What are Sweaty Palms (Palmar Hyperhidrosis)?
Sweaty palms (Palmar hyperhidrosis) is a physical condition with uncontrollable excessive hand sweating. It may cause severe psychological, social and/or professional disability. Problems such as difficulties handling paper, pens, buttons, tools, electronic equipment, as well as the need to avoid handshakes force many people to seek treatment. The pathophysiological cause for the excessive sweating is still unknown but the condition is related to over-activity in the so-called “sympathetic nervous system”, a system of nerves over which we have no control. Emotional stimuli seem to have a stronger effect on the sweat glands in certain individuals.
For severely affected individuals in whom standard medical treatments have failed, surgical treatment for the problem is an option.
This involves cutting a short segment of the “sympathetic nervous system” which lies in the thoracic cavity. There are several ways in which the operation can be done.
Please remember that the effects of cutting this short segment of the sympathetic nervous system is the same irrespective of how it was done, and cannot be reversed.
Endoscopic Transthoracic Sympathetomy
Endoscopic Transthoracic Sympathetomy is a reliable and simplified operative technique to completely eliminate severe hand sweat. During the procedure, the surgeon simply cuts a short segment of the “sympathetic nervous system” which lies in the thoracic cavity. This procedure uses an endoscopic (keyhole) technique to interrupt the sympathetic nervous system. This surgical procedure is performed under general anaesthesia and requires only one to two nights stay in the hospital.
The operation is done with the patient on his/her side through 1-3 small (5-10 mm) incisions in the armpit region. The endoscope is inserted and the lung is collapsed. A short section of the sympathetic nervous system is exposed and cut. The instruments are removed and the lung is allowed to re-expand. A “chest tube” is inserted to ensure that air in the thoracic cavity will be completely removed and the lung is able to re-expand fully. The skin incisions are closed with stitches and then covered with sterile dressing. Then the patient is turned and the procedure repeated on the opposite side. After the operation, the chest tubes are then removed.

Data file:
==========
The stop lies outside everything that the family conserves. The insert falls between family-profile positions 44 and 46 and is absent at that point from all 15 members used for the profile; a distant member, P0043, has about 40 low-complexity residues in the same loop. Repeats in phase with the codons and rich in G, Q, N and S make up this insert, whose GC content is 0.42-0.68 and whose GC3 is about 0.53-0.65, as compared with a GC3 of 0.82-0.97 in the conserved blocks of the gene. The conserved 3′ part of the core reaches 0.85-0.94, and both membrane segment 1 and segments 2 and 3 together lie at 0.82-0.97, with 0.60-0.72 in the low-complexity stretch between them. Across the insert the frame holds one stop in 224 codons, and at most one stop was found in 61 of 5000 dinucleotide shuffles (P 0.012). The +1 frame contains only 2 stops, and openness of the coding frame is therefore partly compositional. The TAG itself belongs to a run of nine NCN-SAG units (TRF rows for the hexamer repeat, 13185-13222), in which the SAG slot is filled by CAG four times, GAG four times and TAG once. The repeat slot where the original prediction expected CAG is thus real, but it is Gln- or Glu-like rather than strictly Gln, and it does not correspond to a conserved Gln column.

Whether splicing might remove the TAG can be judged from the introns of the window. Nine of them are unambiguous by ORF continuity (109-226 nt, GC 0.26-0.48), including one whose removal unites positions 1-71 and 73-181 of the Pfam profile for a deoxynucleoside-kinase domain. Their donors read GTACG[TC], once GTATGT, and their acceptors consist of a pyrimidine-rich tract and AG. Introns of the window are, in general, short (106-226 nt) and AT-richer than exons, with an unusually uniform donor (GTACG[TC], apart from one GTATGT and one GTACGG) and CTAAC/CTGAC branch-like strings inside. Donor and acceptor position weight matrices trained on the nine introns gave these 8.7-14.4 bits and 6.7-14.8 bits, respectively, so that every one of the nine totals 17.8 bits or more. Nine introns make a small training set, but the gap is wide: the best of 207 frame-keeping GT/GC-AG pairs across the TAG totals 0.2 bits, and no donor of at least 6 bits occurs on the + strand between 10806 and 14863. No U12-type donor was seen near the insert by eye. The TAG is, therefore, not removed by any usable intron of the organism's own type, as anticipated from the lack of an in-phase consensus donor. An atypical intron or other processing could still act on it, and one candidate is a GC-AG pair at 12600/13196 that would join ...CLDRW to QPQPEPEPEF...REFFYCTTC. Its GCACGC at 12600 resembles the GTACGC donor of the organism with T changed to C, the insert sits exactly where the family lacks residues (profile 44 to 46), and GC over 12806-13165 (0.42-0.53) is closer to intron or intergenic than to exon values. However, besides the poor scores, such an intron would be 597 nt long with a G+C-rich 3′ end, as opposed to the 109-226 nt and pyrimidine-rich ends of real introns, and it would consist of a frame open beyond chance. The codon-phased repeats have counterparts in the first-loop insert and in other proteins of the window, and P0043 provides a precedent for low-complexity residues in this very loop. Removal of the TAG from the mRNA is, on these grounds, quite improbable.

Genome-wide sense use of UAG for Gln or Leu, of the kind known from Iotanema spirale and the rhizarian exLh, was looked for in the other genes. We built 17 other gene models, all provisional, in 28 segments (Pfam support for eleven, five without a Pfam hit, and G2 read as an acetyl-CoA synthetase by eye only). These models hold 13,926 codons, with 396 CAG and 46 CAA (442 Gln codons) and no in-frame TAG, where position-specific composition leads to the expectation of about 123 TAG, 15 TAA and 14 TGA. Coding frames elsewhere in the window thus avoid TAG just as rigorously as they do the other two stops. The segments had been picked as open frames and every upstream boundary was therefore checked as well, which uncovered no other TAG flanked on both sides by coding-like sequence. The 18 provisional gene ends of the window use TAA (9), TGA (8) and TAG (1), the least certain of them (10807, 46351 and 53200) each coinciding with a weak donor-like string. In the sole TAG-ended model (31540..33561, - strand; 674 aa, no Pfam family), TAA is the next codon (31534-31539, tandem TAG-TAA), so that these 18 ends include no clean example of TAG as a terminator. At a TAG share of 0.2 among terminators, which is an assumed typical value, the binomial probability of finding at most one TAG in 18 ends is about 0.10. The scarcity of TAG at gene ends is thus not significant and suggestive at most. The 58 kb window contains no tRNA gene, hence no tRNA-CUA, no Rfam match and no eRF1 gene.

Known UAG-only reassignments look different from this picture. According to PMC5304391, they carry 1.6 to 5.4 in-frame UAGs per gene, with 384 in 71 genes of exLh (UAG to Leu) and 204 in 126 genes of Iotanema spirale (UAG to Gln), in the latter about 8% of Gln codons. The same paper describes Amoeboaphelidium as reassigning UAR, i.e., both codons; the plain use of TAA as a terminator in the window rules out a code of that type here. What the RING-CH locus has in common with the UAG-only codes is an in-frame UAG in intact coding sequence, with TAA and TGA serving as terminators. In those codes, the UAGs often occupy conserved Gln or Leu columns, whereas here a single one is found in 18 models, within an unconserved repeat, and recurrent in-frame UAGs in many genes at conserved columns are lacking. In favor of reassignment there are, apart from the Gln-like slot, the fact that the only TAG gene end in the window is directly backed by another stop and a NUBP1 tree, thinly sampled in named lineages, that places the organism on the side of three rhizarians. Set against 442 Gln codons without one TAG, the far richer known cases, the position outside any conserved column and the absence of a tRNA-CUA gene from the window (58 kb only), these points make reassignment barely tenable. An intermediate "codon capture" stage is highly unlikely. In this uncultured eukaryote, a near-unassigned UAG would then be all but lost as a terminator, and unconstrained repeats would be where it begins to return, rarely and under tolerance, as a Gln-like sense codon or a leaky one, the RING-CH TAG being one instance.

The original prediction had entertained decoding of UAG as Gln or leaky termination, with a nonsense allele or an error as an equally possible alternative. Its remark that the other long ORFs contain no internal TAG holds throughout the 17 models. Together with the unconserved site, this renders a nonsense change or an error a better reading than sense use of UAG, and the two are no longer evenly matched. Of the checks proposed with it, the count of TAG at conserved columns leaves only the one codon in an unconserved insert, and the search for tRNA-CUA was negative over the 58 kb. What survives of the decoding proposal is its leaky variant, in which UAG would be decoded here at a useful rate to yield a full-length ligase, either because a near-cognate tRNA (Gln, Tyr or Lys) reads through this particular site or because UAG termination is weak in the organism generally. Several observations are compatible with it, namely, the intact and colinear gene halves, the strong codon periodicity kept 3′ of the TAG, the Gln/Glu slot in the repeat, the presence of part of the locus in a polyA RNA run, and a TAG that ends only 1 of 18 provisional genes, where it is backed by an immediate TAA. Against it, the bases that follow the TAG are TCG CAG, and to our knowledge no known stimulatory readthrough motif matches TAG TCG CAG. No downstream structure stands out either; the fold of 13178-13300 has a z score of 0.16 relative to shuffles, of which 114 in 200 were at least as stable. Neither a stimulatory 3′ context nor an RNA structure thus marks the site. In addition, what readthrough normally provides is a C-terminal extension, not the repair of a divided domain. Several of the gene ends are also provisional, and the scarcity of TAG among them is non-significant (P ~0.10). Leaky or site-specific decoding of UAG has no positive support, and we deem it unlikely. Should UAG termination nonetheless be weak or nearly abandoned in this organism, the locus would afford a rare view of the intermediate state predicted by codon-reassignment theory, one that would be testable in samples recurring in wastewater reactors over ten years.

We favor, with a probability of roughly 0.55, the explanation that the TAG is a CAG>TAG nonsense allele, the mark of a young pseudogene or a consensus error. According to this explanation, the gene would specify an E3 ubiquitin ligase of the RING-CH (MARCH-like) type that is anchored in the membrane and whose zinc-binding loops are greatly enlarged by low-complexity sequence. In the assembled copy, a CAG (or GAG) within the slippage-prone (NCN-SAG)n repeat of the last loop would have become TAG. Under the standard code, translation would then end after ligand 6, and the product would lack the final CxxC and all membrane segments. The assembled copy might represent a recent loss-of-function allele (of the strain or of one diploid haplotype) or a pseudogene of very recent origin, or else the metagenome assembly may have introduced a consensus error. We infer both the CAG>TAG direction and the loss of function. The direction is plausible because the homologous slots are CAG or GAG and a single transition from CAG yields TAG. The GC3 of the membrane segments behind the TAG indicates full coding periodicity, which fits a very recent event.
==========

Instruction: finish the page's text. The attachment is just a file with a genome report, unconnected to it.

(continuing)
The hands become dry immediately after the operation. Complications from endoscopic transthoracic sympathectomy are low. Thousands of procedures have been performed world-wide by various surgeons in recent years. The reported success rate is close to 100%.
As with any surgical procedure, endoscopic transthoracic sympathetomy is associated with some degree of risk, but is overall a very safe procedure with few severe side effects. The risk-benefit assessment of the procedure needs to be done in the context of the original condition. The results presented below refer to the largest published study of more than 1,000 patients who had endoscopic transthoracic sympathetomy performed by various experienced surgeons.
Air-leak from the lung occurs in approximately 1% of patients. Treatment is by a chest drainage tube placed between two ribs and connected to a suction device for 1-2 days. The patient has to stay in the hospital until the tube is removed. Severe bleeding in the chest during the operation, although rarely reported, could necessitate opening of the chest.
A specific complication is called Horner’s Syndrome. This refers to the slight drooping of an eyelid and a slightly smaller pupil, without visual impairment. This occurs in approximately 1% of patients, and disappears spontaneously without specific treatment in about half of these patients. There is a very small risk that the nerves can regrow after they have been cut but this is less than 1 in 1,000 cases.
There are few adverse effects of the operation. The so-called “compensatory sweating” of the legs and trunk is noticed to some extent by most patients, but considered a major problem by only about 2%. Compensatory sweating might be experienced in a hot environment or when eating spicy foods.
Subcribe to our mailing list to get the updates to your email inbox...
Best viewed on IE 11, Firefox 27, Chrome 22, and Safari 7 and above.